Argentine red shrimp fishery moves closer to MSC certification

Published on
July 1, 2022
An Argentinian shrimp boat returns to harbor.

The Argentine red shrimp fishery has moved closer to Marine Stewardship Council certification with 

The country's institute of fisheries, INIDEP, has developed a limit reference point for shrimp stock – a point at which fishing is no longer considered sustainable. Below that point there is a higher probability the stock is impaired and will not be able to replenish itself. The move is a requirement for MSC certification.

In addition to the new limit point, Argentina's Federal Fisheries Council has implemented an abundance criterion when deciding to open and close zones. And Argentina's Undersecretary of Fishing, through its Control Directorate, has achieved total coverage in landing inspections, with about 6 percent presenting some type of infraction.

Through INIDEP’s Research Report 50/2022, the institute proposed an abundance reference point that is a trigger threshold, that once hit will cause implementation of immediate measures to reduce fishing efforts. Those reductions will be defined by the Federal Fisheries Council (CFP), and the contingency plan is still being discussed but will transform the reference point into specific measures to reduce fishing effort if that threshold is exceeded, according to CeDePesca Executive Director Ernesto Godelman. The reference point will consist of 60 percent of the average number of prawns surveyed during INIDEP’s March campaigns, where currently the stock is at 75 percent of the average numbers, he said.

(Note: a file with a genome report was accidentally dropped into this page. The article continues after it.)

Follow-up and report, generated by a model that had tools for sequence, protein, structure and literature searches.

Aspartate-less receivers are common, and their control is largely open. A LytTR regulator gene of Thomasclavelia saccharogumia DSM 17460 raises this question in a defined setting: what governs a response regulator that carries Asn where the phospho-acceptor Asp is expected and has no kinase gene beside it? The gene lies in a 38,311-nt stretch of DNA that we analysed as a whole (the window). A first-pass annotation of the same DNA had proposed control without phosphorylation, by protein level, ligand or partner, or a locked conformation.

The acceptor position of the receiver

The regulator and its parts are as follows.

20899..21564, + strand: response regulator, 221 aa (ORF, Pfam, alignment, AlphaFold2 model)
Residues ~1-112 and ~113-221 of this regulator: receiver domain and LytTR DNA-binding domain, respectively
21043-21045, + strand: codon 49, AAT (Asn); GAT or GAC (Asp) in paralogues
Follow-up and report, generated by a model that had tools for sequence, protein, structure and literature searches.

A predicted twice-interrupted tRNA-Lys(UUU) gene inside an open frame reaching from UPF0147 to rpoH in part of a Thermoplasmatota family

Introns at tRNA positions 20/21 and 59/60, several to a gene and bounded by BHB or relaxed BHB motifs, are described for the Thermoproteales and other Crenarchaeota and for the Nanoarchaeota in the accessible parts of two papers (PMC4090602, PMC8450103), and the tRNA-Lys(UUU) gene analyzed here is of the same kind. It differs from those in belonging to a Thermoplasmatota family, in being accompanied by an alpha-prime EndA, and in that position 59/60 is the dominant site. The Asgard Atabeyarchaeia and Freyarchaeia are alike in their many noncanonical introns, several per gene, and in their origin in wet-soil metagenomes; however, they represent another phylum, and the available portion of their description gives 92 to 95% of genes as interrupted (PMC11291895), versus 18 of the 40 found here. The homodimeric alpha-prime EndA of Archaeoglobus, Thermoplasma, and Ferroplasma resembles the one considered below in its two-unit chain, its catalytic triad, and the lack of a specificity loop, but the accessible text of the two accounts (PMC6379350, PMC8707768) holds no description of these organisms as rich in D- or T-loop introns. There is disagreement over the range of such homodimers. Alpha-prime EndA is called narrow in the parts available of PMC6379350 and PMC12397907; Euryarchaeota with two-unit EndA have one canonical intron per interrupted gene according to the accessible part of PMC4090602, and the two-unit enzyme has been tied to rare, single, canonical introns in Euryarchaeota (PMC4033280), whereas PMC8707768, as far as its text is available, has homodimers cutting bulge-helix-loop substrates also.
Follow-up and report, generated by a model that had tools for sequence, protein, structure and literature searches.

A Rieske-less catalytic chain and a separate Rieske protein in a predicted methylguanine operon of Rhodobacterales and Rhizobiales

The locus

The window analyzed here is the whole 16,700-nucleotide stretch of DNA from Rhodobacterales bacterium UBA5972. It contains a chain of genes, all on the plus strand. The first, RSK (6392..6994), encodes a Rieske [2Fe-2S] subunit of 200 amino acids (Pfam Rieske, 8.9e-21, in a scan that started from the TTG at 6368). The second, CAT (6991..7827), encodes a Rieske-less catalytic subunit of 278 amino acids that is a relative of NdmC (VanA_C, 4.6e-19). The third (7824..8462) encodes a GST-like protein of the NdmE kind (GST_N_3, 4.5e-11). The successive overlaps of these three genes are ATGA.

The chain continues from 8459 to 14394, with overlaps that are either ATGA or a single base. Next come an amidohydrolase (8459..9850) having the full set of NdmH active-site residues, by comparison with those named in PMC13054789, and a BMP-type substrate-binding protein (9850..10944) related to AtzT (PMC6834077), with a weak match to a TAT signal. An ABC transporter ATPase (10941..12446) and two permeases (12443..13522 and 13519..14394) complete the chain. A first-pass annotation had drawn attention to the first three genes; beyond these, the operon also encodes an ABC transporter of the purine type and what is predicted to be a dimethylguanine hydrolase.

The meeting included modifications to management measures of the resource, a capture by unit of effort (CPUE) criterion that aids in the decision-making on opening and closing zones to fishing. INIDEP made the recommendation to consider a different CPUE limit for each month, basing the numbers on historical data to avoid recruitment overfishing – when high exploitation rates reduce enough mature individuals that recruitment is reduced and may lead to stock collapse.

Though the overall stock abundance has decreased since its peak in 2017, it has not reached concerning levels yet. The INIDEP report emphasized the yield of the population has been maintained at “excellent levels, around 200,000 tons in recent years,” which was gathered from annual landing reports.

Therefore, recent news from the National Directorate for Fisheries Coordination and Control that 99 percent of shrimp landings were covered with inspections, demonstrates the ability of current fisheries authorities to ensure the sustainability sticks, Godelman said.

Lastly, in the province of Chubut, Argentina, fishing authorities met the requirements of the country's Resolution 6/2019 to open and close the fishing season based on technical reports that were provided in a timely manner.

These advances, the fact that shrimp stock is a shared resource between provincial and federal waters, and the INIDEP proposals and the CFP decisions to ensure sustainability, have increased the probability of obtaining the MSC certification for the province’s fishery, Godelman said.

Photo courtesy of Luis César Tejo/Shutterstock

Contributing editor/Reporting from Hawaii, U.S.A.

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